Purpose: We report the development of an instrument to assess health-related quality of life (HRQOL) in adolescents with epilepsy.
Methods: A sample of 197 English-speaking adolescents (aged 11-17 years) with epilepsy completed a test questionnaire of 88 items. Also included were mastery and self-esteem scales to assess external validity. A parent simultaneously completed an 11-item questionnaire to evaluate the child's HRQOL. Both adolescent and parent questionnaires were repeated in 2-4 weeks. Demographic information and information pertaining to seizures were collected at baseline along with assessment of systemic and neurologic toxicity.
Results: The QOLIE-AD-48 contains 48 items in eight subscales: epilepsy impact (12 items), memory/concentration (10), attitudes toward epilepsy (four), physical functioning (five), stigma (six), social support (four), school behavior (four), health perceptions (three), and a total summary score, with higher scores indicating better HRQOL. Internal construct validity was demonstrated in a single-factor solution for the eight dimensions. All correlations were statistically significant at p < 0.05 level. Internal consistency reliability estimated by Cronbach's alpha coefficient was 0.74 for the summary score and ranged from a low of 0.52 (three-item Health Perceptions Scale) to 0.73-0.94 for the other individual scales. Good test-retest reliability was found for the overall measure (0.83). Summary score correlations with the two external validity scales, self-efficacy and self-esteem were 0.65 and 0.54, respectively. Statistically significant differences in summary scores indicating that HRQOL was increasingly better for adolescents as seizure severity decreases (no seizures = 77+/-13, low = 70+/-17, high = 63+/-17) were found among seizure-severity groups.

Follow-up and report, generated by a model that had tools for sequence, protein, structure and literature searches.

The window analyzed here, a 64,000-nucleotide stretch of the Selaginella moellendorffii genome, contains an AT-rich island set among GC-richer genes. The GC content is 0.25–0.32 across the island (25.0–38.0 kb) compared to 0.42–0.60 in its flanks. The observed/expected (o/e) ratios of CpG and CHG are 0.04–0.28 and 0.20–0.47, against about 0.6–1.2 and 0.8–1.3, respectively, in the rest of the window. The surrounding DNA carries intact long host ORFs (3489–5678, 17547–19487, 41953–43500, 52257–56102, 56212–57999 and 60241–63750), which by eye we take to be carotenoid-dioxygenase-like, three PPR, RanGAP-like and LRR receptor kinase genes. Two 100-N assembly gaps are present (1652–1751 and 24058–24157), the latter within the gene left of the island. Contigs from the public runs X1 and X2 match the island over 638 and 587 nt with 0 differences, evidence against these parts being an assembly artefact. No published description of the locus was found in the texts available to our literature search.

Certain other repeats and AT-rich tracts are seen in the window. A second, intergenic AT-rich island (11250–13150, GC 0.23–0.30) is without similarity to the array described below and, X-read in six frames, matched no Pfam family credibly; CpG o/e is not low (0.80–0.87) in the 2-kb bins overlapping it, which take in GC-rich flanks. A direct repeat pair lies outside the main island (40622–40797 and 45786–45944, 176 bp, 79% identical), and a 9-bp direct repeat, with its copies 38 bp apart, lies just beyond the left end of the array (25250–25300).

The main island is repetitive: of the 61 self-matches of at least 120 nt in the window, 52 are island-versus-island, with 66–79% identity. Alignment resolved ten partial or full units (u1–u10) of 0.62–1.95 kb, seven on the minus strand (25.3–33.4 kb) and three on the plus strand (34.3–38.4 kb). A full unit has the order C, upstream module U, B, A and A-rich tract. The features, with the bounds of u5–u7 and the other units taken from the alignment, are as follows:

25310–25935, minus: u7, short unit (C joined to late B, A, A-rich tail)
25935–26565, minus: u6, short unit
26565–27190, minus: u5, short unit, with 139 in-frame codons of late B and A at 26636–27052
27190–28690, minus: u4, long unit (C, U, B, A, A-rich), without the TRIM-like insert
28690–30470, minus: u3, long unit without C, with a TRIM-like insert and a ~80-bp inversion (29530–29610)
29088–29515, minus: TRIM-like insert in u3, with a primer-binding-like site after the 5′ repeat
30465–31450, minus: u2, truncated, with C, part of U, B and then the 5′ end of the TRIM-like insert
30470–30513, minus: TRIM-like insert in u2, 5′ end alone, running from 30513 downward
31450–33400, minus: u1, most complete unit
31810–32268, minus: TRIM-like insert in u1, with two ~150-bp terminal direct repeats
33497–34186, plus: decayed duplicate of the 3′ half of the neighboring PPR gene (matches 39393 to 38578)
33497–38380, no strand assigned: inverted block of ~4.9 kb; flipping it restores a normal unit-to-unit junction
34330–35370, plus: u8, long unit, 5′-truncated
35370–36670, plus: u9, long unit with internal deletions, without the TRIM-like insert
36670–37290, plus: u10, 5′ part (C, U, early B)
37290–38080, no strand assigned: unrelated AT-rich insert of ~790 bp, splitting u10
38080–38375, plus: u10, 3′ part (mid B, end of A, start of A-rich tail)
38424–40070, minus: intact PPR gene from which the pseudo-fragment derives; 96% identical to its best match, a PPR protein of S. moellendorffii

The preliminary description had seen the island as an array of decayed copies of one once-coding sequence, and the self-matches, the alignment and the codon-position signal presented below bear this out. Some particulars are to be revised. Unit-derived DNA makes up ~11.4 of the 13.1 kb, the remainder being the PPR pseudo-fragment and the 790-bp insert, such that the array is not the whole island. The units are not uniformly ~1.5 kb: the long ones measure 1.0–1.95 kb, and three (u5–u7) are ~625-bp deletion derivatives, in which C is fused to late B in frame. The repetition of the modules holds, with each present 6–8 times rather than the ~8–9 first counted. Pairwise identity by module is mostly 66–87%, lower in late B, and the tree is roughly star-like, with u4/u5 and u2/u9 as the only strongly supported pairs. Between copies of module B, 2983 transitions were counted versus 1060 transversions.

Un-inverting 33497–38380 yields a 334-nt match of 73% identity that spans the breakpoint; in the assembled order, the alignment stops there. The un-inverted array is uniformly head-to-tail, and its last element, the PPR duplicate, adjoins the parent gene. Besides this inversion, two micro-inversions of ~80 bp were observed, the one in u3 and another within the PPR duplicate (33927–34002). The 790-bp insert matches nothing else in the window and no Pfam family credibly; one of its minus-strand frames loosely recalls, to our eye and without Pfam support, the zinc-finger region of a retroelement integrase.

Conclusions: These data describe the development of a robust instrument to evaluate HRQOL in adolescents with epilepsy. Empiric analyses provide strong evidence that the QOLIE-AD-48 is both a reliable and valid measure for adolescents with epilepsy.